Martin Upton, Director, True Potential PUFin, The Open University Business School.
Badged open course launched to combat growing debt problem among 16-18 year olds
The Open University Business School’s True Potential Centre for the Public Understanding of Finance (True Potential PUFin) has joined forces with University Challenge star and Arithmophobia Expert, Bobby Seagull, and MoneySavingExpert’s Martin Lewis, to develop a free badged open course on OpenLearn, specifically designed for the financial education needs of 16 to 18 year olds.
Managing My Money for Young Adults, (MMM-Y), which launched on 3 November, is delivered through video content, animations, case studies, activities and quizzes and provides 24 hours of learning broken into eight bite-sized sessions (see below for further details), to offer learners a strong foundation of personal finance knowledge to help them avoid bad debt in the future.
Since early January 2017, the School of Computing and Communications (represented by Senior Lecturer in Networking, Andrew Smith), the Open Media and Informal Learning (OMIL) Unit and the Open University’s Development Office have all been working with Cisco on a sponsored project to create content about computer networking for teachers (and school children). The content covers the national curriculum ‘computing’ domains of computer hardware and network engineering.
The resources are hosted on OpenLearn Create – the creative commons portal of the OpenLearn MOOCs.
During the academic year 2015-16 I worked with a group of 22 teachers from 12 different schools (primary and secondary) across the Enigma Maths Hub. I’ve recently published a report about this work (Lee, 2016).
The purpose of the programme was to support teachers in applying some of the ideas from research about Maths resilience to their practice and therefore to improve the classroom experiences of children learning Maths.
The teachers took part in a year-long action research project to introduce mathematical resilience into their classrooms. The teachers worked in pairs in their schools supporting and challenging each other to work differently and to make a difference.
Professor Richard Holliman, The Open University. Credit: Michael Francis.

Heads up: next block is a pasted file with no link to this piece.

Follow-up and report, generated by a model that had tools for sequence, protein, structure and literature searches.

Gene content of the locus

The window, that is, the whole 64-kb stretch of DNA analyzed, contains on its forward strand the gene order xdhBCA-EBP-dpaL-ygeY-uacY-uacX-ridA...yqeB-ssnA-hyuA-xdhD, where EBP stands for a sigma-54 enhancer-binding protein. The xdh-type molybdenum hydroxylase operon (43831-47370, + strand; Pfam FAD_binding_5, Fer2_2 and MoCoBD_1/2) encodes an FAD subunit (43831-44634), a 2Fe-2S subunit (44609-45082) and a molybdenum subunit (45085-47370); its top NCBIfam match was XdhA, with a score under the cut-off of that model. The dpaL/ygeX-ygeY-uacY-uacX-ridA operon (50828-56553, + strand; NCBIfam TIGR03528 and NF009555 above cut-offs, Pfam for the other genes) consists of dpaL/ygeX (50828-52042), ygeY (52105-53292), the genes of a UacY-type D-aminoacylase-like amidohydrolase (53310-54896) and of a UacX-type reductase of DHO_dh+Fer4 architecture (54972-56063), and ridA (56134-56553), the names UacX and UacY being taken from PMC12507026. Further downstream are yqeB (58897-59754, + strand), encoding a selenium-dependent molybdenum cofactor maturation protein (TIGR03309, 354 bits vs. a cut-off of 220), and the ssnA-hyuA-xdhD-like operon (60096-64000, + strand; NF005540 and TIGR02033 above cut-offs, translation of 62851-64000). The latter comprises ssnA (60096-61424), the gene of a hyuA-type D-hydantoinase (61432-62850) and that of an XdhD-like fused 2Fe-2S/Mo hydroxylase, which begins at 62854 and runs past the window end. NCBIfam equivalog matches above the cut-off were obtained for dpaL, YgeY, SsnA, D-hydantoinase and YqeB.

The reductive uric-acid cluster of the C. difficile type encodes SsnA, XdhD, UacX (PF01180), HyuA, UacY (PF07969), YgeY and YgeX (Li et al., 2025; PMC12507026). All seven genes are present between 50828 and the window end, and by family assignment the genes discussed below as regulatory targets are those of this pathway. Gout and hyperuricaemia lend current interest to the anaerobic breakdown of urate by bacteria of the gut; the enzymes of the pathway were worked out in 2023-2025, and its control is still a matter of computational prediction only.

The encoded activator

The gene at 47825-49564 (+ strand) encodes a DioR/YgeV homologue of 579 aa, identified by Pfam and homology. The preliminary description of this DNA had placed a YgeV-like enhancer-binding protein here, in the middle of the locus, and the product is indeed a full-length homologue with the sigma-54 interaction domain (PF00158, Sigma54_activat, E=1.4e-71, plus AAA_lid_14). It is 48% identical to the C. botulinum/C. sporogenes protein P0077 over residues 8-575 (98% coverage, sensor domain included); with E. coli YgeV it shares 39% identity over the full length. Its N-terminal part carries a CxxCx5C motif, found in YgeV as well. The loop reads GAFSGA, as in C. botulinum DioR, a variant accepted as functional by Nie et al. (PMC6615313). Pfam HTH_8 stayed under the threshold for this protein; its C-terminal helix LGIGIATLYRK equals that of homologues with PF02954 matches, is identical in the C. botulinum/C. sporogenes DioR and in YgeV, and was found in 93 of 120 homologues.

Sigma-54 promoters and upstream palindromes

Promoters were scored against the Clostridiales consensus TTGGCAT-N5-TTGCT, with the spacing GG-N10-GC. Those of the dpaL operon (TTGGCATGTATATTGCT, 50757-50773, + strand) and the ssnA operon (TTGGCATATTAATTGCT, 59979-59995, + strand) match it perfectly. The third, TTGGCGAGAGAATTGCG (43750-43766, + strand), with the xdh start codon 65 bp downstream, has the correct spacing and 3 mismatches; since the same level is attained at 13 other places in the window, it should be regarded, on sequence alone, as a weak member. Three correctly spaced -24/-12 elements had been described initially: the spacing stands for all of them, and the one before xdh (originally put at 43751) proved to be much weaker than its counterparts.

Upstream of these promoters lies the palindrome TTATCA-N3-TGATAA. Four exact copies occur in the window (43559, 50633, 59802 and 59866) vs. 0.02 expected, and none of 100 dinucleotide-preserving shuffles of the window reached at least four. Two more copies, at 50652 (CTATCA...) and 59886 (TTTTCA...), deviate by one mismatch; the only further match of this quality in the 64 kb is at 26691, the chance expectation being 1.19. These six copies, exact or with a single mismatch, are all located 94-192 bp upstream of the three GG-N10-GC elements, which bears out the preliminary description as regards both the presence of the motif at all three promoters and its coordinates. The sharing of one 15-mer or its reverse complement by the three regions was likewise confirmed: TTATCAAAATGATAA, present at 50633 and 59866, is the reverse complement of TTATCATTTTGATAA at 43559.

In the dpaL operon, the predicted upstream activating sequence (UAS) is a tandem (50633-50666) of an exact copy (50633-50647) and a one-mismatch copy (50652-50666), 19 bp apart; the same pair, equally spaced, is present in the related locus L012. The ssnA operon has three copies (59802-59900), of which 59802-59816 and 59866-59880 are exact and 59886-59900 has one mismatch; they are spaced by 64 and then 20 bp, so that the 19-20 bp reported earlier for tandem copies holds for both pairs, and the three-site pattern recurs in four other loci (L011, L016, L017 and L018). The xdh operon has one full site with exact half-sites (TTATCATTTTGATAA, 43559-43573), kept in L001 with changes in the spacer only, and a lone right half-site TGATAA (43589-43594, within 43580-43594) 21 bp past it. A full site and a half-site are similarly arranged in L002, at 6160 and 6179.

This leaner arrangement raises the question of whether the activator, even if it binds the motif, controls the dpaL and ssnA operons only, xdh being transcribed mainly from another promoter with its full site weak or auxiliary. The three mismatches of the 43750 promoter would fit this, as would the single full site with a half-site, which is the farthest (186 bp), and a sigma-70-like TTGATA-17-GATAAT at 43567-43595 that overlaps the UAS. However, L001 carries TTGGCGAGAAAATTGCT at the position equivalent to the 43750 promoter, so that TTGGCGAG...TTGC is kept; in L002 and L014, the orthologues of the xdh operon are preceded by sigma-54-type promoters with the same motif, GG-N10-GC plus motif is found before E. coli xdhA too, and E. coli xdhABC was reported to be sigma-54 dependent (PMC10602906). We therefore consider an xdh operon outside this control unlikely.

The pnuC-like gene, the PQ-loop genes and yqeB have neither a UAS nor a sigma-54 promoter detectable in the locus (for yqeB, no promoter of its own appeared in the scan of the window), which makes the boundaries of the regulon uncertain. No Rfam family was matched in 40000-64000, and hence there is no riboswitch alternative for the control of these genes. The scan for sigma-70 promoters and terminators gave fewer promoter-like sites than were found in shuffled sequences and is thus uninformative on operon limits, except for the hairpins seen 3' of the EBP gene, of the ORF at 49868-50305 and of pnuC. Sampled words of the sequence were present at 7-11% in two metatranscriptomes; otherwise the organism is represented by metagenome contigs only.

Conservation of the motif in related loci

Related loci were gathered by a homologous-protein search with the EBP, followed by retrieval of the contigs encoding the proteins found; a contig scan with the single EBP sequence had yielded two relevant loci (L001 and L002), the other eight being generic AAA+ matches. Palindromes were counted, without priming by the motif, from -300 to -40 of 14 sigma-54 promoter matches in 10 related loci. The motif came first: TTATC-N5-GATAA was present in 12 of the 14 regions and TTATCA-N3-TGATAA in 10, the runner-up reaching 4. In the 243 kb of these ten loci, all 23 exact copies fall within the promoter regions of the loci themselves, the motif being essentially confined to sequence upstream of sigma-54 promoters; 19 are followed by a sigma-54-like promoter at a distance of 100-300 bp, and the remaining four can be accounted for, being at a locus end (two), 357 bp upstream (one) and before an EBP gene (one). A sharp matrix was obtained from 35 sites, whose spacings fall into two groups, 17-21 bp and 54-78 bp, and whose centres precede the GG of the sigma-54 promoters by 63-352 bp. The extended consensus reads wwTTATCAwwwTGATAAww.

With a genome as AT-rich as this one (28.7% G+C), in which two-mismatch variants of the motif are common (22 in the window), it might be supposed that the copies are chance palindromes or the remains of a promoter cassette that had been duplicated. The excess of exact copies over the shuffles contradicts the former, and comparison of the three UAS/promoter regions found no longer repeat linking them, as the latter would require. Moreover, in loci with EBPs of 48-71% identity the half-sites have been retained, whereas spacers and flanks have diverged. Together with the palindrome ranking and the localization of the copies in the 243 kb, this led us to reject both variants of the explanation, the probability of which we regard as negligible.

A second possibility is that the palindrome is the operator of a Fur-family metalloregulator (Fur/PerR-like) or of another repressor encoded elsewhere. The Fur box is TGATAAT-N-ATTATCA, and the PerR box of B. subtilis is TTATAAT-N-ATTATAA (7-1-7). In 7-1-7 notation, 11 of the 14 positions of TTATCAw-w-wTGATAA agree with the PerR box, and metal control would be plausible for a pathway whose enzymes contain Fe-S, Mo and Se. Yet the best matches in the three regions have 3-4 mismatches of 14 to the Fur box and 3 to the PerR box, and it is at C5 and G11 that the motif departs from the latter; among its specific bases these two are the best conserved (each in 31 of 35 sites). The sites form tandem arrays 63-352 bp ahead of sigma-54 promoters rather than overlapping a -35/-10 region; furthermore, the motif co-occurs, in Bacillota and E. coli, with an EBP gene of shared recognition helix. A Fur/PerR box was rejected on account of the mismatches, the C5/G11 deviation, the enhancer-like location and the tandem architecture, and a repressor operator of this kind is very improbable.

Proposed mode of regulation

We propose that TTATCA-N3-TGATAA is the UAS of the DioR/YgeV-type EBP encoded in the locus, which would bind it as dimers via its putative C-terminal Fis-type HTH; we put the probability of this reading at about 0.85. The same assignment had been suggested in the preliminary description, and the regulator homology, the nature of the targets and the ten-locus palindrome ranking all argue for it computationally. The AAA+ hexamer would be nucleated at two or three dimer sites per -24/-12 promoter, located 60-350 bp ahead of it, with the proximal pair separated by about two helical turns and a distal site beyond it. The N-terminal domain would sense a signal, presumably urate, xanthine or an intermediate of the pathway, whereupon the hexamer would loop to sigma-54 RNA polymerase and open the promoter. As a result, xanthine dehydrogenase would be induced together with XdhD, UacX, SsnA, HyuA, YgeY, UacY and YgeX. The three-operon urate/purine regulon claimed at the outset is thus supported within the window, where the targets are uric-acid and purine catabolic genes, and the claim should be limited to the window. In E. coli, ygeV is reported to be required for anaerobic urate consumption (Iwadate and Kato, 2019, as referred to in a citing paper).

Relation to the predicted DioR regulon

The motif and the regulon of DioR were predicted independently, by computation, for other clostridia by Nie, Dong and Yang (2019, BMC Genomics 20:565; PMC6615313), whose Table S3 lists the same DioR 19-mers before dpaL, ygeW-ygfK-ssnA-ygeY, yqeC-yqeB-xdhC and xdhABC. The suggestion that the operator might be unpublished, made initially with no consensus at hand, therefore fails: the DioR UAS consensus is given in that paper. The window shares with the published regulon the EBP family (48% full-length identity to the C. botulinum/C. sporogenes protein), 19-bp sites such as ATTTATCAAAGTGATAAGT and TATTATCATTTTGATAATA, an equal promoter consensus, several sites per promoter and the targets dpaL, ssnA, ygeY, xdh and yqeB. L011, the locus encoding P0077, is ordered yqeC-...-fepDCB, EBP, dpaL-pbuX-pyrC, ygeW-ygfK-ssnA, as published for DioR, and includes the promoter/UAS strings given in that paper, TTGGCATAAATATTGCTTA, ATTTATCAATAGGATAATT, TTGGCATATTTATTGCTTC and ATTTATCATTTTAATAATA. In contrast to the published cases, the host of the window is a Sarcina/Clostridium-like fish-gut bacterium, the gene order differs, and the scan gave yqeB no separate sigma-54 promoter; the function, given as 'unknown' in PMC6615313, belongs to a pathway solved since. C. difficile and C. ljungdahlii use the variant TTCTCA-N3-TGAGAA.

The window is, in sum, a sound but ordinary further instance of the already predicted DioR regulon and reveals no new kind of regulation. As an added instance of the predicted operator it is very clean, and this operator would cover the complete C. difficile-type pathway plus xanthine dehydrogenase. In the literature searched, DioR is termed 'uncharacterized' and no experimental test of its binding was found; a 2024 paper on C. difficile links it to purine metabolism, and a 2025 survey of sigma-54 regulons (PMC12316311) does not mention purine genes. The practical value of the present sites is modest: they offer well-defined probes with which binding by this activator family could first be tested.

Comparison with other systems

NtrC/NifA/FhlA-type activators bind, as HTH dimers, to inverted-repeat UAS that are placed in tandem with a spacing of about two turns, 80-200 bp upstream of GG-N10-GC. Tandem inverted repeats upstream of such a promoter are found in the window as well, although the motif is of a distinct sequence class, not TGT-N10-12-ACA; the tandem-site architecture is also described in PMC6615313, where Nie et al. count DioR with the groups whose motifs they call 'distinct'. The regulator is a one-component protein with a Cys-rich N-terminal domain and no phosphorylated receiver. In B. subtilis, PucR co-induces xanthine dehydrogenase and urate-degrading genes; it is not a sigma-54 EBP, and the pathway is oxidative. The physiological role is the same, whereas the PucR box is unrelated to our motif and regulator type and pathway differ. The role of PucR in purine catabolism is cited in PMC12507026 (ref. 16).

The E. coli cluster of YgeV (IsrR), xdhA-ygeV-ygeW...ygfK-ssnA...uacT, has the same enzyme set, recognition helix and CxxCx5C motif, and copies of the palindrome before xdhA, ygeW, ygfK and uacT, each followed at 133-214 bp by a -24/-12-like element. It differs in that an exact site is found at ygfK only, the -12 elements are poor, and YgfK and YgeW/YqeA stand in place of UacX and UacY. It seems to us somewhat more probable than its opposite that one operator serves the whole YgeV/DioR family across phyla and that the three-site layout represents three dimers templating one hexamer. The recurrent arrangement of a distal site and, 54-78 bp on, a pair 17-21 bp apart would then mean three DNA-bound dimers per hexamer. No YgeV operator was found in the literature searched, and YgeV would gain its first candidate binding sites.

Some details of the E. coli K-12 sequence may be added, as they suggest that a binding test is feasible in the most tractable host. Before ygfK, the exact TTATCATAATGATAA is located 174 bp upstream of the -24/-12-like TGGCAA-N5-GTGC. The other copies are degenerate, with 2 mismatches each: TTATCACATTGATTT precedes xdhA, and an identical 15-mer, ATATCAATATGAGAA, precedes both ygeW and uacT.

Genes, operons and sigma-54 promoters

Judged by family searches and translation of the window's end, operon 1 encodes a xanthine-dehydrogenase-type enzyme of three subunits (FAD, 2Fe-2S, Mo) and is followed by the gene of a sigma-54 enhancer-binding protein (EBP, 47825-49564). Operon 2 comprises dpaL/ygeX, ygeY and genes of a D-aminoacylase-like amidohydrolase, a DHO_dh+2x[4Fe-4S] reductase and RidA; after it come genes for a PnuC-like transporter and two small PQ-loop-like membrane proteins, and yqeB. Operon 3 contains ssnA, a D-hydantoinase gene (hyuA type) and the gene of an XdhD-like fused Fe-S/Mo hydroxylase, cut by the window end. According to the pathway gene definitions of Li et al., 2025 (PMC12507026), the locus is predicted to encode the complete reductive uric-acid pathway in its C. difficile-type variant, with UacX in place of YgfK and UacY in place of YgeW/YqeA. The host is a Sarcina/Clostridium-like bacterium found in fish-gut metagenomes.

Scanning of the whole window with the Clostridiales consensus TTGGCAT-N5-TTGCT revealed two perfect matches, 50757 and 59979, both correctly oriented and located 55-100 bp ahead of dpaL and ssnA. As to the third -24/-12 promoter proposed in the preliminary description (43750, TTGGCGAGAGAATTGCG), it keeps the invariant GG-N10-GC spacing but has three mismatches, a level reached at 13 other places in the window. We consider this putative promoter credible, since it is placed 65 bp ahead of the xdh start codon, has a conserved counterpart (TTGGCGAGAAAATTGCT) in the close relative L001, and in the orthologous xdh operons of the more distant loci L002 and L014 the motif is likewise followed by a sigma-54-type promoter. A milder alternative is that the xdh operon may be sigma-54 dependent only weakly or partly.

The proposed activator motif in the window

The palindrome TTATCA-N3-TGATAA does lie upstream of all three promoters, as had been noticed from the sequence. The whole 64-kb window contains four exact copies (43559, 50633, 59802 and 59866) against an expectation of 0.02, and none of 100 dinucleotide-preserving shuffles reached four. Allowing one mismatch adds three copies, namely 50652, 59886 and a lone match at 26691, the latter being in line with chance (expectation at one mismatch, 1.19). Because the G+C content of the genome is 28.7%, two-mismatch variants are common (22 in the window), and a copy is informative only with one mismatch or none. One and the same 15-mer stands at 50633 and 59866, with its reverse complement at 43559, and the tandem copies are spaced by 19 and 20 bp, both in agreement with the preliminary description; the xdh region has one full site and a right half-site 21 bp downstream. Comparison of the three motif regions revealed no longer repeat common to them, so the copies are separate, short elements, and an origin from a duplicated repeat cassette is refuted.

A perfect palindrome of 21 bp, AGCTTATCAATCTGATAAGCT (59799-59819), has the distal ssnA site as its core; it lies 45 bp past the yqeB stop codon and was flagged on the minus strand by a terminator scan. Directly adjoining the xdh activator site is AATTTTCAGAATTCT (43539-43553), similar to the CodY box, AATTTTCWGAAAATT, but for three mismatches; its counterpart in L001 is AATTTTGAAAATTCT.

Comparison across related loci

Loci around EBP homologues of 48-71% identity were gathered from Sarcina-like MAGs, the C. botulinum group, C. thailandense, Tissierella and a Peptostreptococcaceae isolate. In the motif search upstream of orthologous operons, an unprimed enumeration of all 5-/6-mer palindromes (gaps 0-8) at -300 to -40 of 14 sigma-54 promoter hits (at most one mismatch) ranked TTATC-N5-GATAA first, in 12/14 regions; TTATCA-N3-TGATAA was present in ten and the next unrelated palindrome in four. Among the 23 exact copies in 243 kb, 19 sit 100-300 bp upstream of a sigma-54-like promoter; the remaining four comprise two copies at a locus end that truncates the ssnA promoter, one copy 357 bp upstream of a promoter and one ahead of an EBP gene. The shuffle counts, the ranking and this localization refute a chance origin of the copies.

In a recent post on the Guardian Science Policy blog I wrote, among other things, about the need for a vision for citizenship that moves science communication and engagement programmes beyond activities designed for ‘gifted and talented’ children and young people.
‘Cloned’ approaches to public engagement with research
In part, my concerns about this lack of diversity can be traced to research findings that showed how academics limit their framing of publics, purposes and processes when they plan their public engagement activities (Holliman and Jensen, 2009). My concerns were also born out of experience, working with teachers during my PhD research.
What is a Labcast?
A ‘Labcast’ is an interactive, live web broadcast that integrates video streaming and instant messaging to enable a conversation between two or more locations.
A short video explaining the concept of a Labcast can be viewed in the short video below.
Access to ‘cutting edge’ research
Initially developed for Open University (OU) undergraduate teaching, the Labcast model offers a number of advantages:
1. Provides access to a working laboratory and researcher.2. Provides more opportunities for curriculum links than a ‘lab tour’ format;3. Does not require students to be taken off timetable or transport costs to be found.4. Has fewer implications for laboratories that are heavily used.5. Contextualises researchers and their science in an authentic working environment.
Elizabeth Chappell, The Open University, and interviewees
‘We live in an era of the witness’, wrote Annette Wienorka in her 2006 book, The Era of the Witness. I recently gave a talk on witnessing the survivors of Hiroshima for the English department of the Open University Post Graduate Research conference held on 22 November 2014 at the OU’s Camden Centre. I spent the last part of my travel grant, provided by the Great British Sasakawa Foundation, on a trip to Hiroshima in September this year. During this trip I interviewed about a dozen witnesses — known as hibakusha in Japanese — as well as those who work with or study the history of the hibakusha, (from hibaku, explosion, and sha, person, in Japanese).
Left: Mairi Walker (maths PhD student). Right: Vincent Trott (recent PhD graduate in history)
The Brilliant Club is an educational charity that works to widen access to higher education by placing postgraduate researchers in non-selective state schools to deliver university-style tutorials based on their research. Not only is this a great chance for researchers to develop their teaching skills and engage non-specialist audiences in their work, it’s also a fantastic opportunity for pupils to carry out their own research and get a taste of what university learning is like.
The Brilliant Club works with higher education institutions around the country, and has a strong partnership with The Open University. Many Open University researchers work as Brilliant Club tutors and recently the partnership has extended to include an internship scheme, sponsored by Santander.
In other words, I was interested in surface-dwelling plankton. When conditions are ‘optimum’, these creatures grow in large numbers. But does this increase in numbers affect how surface-dwelling plankton build their shells, and if so, why? Answering this question will give us a better understanding of their ecology and how they will respond in the future to environmental changes.
I studied a species of foraminifera called Globortalia inflata to investigate how the thickness of their shells has changed over the past 20,000 years and then compared my results with published data on the abundance of G inflata (a measure of optimum growth conditions).